Watch temperatures!

You have heard this warning often, but it bears repeating. It is for the man in the dark room or printing room, but it is also for you, as you have these men in your charge.

In the greater portion of this big country at this time of year, the water from the tap is too cold to use either in the developer for plates or paper. It is a very simple matter to temper it down, but it isn't always done. The result is poor negatives or poor prints.

A plate developer that is too cold produces thin, flat negatives - if too warm it produces too much contrast. The right temperature is 65° F.

A great many photographers use Eastman Plate Tanks, and once the right temperature is secured, these will keep it right for the length of development. Don't expect to make up a developer at a temperature of 55̊ F, and have it warm up in the tank, just because your workroom is warm. If the developer you place in the tank is too warm or too cold, the tank will keep it too warm or too cold, regardless (within limits) of the temperature of your work room.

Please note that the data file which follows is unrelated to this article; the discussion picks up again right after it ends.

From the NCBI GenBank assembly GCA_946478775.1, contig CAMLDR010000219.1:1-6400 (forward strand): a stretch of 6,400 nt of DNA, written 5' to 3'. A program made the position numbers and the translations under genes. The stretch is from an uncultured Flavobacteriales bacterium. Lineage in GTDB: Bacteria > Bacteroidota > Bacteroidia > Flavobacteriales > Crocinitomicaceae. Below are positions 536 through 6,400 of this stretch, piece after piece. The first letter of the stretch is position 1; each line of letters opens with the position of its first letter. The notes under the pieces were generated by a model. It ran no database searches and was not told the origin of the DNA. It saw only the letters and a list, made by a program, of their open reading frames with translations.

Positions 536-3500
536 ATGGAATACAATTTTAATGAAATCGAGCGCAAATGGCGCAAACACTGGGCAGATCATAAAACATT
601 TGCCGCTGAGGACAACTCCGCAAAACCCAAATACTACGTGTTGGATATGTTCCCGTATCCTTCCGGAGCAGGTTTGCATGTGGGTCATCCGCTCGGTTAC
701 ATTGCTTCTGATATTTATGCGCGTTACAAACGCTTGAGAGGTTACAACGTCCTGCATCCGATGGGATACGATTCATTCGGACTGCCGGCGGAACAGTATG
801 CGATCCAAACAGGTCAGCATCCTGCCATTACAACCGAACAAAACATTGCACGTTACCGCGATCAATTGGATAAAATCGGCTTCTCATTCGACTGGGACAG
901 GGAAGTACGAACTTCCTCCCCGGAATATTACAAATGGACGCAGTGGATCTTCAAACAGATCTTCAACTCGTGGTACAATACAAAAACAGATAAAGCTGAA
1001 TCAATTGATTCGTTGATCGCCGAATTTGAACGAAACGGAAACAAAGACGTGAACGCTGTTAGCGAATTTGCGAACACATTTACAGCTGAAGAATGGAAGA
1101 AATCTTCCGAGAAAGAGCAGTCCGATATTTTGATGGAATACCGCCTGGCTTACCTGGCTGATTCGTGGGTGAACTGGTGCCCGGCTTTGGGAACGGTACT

It is always advisable to boil water that is used for developer, and if this is done the water can be placed in a large bottle and kept where it will not become too cold for use.

From An Artura Iris Print By A. F. Bradley New York.

From An Artura Iris Print By A. F. Bradley New York.

Boiling drives the air out of the water and so eliminates much of the danger of air bells on your plates. This is a common complaint where water is under great pressure and is likely to become aerated.

But it must be remembered that water also absorbs air very rapidly, so that water boiled for developing purposes should be used within a reasonable length of time or kept in bottles well filled.

Many photographers are now using open tanks for developing, and it is not so easy to temper several gallons of solution once it has become too cold for use if the tank does not have an outer jacket that can be filled with warm water.

Bottles of warm water can be placed in such a tank, but are likely to break if they are too hot. A glazed fire brick may be heated and used to advantage, or any of the various electric appliances used to heat water may be used for this purpose if they are of the type made to place in the water.

Whatever the method may be, correct temperature is of sufficient importance to have it used regularly, for nothing will upset an even run of quality so quickly as radical variations in the temperature of developers.